Since the 17th century
Traditional Japanese buildings were constructed almost entirely from wood. Because construction methods did not rely on nails or adhesives, they could be easily repaired, reused, or dismantled for relocation. Because the dimensions of rooms and building materials were modularized, minimal processing or reassembly was required to reuse individual building components elsewhere.. In fact, the obvious reuse of old building material is an honored feature of the Japanese building aesthetic.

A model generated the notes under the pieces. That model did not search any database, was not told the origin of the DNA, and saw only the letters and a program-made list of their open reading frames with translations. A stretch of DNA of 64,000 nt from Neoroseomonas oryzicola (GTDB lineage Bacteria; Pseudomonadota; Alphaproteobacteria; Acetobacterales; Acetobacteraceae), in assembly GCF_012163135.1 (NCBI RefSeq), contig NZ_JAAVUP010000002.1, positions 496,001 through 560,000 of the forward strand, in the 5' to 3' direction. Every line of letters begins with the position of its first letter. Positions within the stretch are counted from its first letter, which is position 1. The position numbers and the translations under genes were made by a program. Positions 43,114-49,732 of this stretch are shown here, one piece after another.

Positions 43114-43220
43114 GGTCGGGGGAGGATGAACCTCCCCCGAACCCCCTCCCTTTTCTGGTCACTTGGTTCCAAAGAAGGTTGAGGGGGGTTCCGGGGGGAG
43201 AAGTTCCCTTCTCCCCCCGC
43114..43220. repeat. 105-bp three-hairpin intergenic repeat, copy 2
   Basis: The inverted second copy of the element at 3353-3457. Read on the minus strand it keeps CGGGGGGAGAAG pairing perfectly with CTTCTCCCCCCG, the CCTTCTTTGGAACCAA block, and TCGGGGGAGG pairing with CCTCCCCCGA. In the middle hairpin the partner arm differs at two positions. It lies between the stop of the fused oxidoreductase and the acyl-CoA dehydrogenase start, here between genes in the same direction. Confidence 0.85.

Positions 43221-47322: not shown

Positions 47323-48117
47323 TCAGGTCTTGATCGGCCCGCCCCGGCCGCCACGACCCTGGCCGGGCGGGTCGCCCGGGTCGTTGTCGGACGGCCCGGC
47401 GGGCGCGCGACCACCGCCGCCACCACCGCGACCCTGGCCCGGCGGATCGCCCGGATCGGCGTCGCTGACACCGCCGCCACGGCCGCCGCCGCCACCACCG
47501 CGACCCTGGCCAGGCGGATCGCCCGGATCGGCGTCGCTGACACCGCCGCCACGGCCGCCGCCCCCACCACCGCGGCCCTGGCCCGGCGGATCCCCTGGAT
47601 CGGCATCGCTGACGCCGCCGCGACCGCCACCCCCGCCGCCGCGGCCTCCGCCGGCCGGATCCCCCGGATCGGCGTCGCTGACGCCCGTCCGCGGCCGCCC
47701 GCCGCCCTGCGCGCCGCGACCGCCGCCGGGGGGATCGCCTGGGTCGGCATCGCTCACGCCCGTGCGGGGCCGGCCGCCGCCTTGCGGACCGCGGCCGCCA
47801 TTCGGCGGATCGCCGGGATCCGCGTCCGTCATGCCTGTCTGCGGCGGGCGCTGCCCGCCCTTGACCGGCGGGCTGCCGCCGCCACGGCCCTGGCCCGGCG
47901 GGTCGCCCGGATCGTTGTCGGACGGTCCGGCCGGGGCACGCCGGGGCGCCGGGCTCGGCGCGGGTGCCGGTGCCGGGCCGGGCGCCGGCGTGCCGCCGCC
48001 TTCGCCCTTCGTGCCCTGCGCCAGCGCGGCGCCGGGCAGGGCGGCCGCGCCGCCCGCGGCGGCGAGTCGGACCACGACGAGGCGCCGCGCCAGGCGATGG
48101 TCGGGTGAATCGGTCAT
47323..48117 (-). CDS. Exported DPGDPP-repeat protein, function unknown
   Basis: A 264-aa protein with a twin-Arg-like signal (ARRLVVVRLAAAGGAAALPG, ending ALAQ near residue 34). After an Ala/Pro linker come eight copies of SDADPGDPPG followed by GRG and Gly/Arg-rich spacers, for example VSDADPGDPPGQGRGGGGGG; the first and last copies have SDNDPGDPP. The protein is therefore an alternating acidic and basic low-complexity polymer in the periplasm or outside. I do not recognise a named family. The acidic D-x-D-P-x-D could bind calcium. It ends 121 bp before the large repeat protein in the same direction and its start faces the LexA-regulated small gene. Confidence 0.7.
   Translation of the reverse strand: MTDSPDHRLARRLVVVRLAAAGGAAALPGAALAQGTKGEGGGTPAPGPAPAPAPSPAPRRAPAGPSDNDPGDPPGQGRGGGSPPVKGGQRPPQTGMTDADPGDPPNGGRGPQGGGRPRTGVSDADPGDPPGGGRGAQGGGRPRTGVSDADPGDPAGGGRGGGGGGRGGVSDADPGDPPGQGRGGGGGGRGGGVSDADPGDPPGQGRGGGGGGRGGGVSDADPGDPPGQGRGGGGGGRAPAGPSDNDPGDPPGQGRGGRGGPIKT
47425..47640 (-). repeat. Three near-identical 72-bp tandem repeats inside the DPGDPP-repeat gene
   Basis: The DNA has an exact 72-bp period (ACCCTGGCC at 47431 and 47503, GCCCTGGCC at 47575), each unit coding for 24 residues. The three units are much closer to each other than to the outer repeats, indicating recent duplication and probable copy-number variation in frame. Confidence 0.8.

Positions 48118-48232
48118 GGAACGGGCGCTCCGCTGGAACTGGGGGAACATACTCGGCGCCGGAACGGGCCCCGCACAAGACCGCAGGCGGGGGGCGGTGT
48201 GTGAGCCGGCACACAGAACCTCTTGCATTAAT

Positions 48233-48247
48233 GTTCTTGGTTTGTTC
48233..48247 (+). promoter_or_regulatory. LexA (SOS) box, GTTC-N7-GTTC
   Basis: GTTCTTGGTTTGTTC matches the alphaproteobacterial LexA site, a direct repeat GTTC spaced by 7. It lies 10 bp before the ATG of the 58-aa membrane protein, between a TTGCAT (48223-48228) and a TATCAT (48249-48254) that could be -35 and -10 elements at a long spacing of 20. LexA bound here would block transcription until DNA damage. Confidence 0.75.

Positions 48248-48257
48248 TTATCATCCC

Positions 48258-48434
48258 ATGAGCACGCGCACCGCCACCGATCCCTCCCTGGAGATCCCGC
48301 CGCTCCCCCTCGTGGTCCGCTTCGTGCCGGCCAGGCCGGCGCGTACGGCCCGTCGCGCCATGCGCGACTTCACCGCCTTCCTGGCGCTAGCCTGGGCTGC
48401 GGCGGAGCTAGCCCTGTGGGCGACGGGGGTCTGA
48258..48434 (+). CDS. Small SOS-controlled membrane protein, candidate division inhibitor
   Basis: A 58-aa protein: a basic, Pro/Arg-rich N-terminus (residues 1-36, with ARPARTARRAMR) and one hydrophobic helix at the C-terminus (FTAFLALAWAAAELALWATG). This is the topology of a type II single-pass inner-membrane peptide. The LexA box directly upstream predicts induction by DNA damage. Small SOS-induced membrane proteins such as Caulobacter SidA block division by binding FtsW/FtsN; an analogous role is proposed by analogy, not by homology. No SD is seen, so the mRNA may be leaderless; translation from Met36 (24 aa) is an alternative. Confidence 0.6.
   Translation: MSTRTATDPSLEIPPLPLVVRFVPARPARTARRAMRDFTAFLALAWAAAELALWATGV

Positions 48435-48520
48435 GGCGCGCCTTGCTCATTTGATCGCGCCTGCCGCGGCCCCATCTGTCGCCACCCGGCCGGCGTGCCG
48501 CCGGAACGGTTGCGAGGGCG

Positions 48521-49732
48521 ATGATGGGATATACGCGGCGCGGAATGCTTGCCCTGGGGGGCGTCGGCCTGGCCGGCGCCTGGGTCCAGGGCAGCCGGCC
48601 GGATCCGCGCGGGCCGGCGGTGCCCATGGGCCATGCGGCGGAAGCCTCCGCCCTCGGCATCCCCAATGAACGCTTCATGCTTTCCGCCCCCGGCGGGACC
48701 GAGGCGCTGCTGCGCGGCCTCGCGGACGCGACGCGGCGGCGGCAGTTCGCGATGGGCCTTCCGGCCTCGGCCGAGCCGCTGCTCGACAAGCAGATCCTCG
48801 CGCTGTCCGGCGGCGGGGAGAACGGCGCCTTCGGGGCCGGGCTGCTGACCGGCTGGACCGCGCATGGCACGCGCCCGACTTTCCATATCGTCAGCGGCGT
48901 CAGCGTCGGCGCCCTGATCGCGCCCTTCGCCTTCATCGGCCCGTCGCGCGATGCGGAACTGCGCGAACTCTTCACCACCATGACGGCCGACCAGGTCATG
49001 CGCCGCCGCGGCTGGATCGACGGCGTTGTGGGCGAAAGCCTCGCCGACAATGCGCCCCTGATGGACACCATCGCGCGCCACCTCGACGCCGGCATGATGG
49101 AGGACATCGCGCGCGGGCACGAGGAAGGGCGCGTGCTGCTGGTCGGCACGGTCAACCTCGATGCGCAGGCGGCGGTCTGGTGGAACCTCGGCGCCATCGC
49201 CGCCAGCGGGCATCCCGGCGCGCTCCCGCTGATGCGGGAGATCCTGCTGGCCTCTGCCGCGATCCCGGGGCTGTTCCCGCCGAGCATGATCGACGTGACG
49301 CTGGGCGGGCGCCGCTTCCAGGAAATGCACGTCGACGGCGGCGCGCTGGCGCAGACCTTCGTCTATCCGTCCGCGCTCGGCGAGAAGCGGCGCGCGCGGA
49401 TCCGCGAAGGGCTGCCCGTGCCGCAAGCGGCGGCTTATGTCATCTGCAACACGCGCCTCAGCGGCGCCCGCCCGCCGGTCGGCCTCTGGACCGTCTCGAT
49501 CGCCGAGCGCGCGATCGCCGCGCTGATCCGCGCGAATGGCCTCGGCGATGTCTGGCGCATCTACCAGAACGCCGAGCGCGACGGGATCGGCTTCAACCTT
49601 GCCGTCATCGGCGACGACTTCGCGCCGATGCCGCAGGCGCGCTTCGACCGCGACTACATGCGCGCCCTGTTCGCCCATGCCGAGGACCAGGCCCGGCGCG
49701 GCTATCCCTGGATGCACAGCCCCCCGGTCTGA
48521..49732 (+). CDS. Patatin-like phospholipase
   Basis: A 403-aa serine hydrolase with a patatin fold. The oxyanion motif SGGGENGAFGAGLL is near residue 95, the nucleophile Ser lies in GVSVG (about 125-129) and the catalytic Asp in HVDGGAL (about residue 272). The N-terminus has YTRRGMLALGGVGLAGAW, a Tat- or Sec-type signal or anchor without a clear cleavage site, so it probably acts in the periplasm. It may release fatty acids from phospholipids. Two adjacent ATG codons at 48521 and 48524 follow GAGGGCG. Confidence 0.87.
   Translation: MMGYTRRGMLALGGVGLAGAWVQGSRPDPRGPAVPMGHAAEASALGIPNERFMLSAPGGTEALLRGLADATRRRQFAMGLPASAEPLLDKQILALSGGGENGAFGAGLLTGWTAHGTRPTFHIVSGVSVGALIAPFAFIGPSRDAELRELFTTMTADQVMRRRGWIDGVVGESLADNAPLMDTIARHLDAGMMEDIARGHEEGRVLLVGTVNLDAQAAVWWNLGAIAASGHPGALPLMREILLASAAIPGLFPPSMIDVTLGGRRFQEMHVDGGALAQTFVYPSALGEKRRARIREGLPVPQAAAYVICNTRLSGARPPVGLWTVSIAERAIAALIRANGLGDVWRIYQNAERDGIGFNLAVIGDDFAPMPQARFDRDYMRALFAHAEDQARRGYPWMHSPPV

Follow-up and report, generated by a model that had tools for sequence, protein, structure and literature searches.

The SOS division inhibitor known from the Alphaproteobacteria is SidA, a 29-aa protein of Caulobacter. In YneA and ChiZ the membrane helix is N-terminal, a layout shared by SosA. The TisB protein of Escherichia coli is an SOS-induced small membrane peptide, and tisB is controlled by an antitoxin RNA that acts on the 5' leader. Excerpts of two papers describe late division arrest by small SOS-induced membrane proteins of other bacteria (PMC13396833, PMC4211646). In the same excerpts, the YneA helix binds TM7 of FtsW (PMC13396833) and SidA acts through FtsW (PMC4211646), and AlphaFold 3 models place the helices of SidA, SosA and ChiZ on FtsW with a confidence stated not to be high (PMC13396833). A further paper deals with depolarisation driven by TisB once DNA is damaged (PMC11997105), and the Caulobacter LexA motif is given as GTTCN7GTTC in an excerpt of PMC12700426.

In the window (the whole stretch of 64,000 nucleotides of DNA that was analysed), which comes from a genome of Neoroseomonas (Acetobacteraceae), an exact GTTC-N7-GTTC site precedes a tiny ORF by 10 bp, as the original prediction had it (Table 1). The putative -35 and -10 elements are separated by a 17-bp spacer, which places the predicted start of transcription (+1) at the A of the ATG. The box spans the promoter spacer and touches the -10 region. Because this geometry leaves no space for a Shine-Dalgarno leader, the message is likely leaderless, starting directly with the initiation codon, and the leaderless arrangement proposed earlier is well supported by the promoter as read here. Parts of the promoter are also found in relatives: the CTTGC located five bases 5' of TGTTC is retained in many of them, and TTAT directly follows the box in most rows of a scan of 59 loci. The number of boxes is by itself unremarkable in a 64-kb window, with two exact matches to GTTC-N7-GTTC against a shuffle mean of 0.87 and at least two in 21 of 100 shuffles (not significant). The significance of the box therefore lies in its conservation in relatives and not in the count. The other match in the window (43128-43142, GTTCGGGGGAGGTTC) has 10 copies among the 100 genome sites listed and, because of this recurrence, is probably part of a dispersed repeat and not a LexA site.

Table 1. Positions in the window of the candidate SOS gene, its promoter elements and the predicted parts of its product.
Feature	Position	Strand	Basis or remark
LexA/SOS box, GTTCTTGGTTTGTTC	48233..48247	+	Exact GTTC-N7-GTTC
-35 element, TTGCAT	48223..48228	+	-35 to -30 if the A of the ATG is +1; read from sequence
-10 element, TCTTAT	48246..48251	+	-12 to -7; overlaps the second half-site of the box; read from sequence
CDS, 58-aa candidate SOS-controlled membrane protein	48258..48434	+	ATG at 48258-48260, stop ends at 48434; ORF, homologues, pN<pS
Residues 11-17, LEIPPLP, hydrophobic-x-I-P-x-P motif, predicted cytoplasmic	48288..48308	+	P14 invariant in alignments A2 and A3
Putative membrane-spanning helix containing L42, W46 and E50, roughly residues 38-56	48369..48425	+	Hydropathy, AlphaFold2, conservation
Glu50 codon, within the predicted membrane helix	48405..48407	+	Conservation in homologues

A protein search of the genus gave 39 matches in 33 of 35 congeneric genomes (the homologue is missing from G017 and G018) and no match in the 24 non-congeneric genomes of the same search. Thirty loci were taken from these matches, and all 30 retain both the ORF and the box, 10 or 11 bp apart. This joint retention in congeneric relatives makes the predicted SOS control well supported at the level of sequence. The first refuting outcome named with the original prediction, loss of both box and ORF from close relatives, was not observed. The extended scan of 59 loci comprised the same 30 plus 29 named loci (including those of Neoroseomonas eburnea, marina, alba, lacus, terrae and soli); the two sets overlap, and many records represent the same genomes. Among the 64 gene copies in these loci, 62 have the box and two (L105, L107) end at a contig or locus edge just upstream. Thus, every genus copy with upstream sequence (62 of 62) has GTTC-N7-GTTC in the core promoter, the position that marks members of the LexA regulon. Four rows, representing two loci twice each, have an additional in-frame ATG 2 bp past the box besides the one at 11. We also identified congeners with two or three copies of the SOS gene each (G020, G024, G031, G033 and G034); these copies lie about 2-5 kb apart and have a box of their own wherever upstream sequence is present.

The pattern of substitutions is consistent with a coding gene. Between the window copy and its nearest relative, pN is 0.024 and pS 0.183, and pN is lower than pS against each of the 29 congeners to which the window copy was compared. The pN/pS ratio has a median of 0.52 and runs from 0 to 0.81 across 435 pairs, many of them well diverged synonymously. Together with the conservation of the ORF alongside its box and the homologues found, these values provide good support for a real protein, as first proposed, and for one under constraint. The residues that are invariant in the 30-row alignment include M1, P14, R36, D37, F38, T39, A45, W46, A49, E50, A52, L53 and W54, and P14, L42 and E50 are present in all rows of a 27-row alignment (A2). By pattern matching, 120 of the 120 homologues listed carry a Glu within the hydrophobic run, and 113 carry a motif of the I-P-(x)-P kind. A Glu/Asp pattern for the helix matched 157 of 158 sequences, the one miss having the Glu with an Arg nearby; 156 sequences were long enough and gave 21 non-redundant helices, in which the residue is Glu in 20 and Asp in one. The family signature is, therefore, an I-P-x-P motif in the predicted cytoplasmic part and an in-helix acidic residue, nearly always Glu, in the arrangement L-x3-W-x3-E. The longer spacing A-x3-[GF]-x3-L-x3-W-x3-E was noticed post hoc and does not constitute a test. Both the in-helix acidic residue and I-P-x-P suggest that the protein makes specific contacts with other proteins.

During the pre-industrial Edo period in Japan (1603-1868), the protection and regeneration of forest resources was given a very high priority, which meant that wood was used carefully and great effort taken to prevent its waste. Large wooden beams and columns were in high demand, and there were lumberyards in large cities that specialized in this kind of used building lumber. Floor boards could be easily refurbished and reused, and doors and windows called shoji and fusuma were standardized in size and could be removed from one building and instantly used in another. The same was true of tatami floor mats, made of woven grass and straw. Roofing tiles could be easily resold and reused, and metal hardware and fittings such as copper downspouts and iron hinges were particularly valuable, because metal production required metal ore which was in limited supply, and also tremendous quantities of wood fuel, which needed to be preserved. There was almost nothing used in a traditional Japanese building at that time that did not have at least one good subsequent use, and even otherwise unusable clay wall plaster could be returned to the soil as if it has simply been borrowed from nature for a few years. All of the biologically-based materials, including wood, bamboo, paper, and rope, could be used as fuel or ultimately be returned to nature or the agricultural cycle, to decompose as mulch.